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This Day in Hockey History – April 11

Today in hockey history, an historic franchise wins its first Cup, a dramatic playoff victory, Bobby Orr does some work, a goaltending playoff first, a great player who started his lengthy career with a bang, and a very notable coach sets a record a year before passing away.

hockey history

April 11, 1936 – The Detroit Red Wings, under the coaching of Jack Adams (who has a coaching award named after him), won their first Stanley Cup with a 3-2 over the Leafs in a best-of-five series. The win completed the list of Original Six teams to win the Cup; they may have been the last, but they now have the second-most Cups in league history.

April 11, 1964 – Bob Pulford scored a shorthanded goal…with just two seconds remaining in regulation to put the Leafs up 3-2 in Game 1 of the Finals over Detroit (aha, revenge!). It was the latest game-winning regulation goal in Finals history. Better than scoring two seconds into the first overtime period, which would have made everyone wait 15 minutes for an intermission.

April 11, 1971 – Bobby Orr became the first defenseman since 1922 to score a hat trick in the playoffs, doing so in a 5-2 Bruins win in Montreal in Game 4 of the quarter-finals.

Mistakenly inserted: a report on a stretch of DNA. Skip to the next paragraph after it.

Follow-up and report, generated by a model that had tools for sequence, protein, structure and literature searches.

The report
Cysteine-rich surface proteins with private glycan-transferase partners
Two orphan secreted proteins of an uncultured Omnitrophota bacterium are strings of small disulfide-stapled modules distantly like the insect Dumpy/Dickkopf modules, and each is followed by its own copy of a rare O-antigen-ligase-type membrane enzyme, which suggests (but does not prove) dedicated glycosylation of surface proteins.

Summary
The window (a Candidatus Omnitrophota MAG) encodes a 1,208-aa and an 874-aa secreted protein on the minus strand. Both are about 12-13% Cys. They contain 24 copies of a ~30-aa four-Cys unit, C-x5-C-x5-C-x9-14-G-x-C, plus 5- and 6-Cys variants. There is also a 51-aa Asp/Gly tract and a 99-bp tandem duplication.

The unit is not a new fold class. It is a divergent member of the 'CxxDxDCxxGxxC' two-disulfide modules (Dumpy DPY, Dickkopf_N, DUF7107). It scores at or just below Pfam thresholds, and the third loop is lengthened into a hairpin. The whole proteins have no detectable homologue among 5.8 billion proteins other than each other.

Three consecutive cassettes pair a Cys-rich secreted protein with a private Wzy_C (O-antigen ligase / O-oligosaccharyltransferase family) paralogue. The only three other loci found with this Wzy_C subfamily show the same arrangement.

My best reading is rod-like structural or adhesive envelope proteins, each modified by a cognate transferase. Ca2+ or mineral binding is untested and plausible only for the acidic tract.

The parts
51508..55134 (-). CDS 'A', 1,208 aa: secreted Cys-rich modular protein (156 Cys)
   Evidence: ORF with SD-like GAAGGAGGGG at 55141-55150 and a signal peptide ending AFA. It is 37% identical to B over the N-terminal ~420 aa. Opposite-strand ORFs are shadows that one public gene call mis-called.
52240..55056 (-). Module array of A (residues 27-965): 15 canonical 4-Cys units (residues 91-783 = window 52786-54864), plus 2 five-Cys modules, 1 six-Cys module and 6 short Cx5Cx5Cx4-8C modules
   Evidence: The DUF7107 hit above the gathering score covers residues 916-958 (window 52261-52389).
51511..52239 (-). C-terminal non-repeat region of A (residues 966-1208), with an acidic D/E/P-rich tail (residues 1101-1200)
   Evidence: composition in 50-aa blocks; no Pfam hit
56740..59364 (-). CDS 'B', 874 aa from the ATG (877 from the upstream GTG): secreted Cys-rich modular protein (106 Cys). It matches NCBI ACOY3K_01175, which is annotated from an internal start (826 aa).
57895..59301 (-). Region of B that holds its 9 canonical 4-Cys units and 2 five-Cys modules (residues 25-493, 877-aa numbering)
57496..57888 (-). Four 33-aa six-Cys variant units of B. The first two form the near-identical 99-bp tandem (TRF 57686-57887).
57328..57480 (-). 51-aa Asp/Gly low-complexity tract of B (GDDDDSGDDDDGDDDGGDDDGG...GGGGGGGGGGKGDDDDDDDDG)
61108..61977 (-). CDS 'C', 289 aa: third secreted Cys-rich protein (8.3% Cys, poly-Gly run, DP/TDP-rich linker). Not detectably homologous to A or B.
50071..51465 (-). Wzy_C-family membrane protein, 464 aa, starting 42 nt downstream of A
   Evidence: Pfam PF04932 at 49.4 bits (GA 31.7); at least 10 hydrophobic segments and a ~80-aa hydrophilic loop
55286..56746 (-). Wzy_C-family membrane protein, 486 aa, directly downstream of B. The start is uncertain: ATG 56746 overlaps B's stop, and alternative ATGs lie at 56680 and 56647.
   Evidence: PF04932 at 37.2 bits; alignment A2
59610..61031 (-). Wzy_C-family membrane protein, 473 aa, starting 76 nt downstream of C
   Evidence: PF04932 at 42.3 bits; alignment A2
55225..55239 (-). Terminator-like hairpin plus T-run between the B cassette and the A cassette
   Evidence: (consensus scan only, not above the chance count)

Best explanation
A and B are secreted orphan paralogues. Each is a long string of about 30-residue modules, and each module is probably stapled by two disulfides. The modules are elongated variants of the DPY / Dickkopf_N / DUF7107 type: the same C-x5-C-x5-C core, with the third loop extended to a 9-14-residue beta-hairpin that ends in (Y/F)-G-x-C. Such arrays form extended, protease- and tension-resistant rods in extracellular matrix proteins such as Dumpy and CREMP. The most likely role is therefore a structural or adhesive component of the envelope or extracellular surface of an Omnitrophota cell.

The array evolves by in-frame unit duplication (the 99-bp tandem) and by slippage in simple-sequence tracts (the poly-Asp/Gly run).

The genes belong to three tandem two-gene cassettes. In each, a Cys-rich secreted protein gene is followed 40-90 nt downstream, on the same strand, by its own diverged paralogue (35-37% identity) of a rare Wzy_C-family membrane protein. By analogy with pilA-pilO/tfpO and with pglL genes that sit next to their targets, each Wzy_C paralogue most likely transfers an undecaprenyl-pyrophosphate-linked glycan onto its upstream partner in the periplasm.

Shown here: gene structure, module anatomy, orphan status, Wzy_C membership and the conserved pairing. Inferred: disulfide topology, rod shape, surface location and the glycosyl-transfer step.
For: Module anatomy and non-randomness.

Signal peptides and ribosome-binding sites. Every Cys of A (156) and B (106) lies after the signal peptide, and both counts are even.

April 11, 1989 – Ron Hextall…scored! He put the puck into the empty net when his team was shorthanded to give his Flyers an 8-5 win over the Capitals in Game 5 of the semis. It was the first goal by a netminder in playoffs history.

April 11, 1989 – St. Louis rookie Rod Brind’Amour (I didn’t know he started with the Blues, either) scored his first NHL goal on his first NHL shot, in the playoffs no less! It helped produce a 6-1 Blues win over the Minnesota North Stars in Game 5 of the Norris Division semis.

April 11, 2002 – Roger Neilson coached the Senators to a 4-0 win over the Bruins to become the first coach in history to coach eight different NHL teams, in what was no-so-coincidentally his 999th career game behind the bench. He was the assistant coach at the time but was given the reins because the Sens had already been eliminated from playoff contention, and it was a gesture for a coach who was suffering from cancer. His last game was his 1000th game coached.

 

Source: Hockey Hall of Fame

Scott Finger
Scott is the former managing editor at Hooked on Hockey Magazine. He loves hockey, writing, and writing about hockey. He graduated from Roger Williams University in 2011 with a useless degree in Media Communications (concentrating in Journalism). Being a New York Rangers fan (and NY Giants and Mets fan) living in Boston is very uncomfortable for him, and it'll be awkward trying to celebrate a Rangers Cup win in the streets when they inevitably win sometime in the next 100 years. He also likes long walks on the beach.
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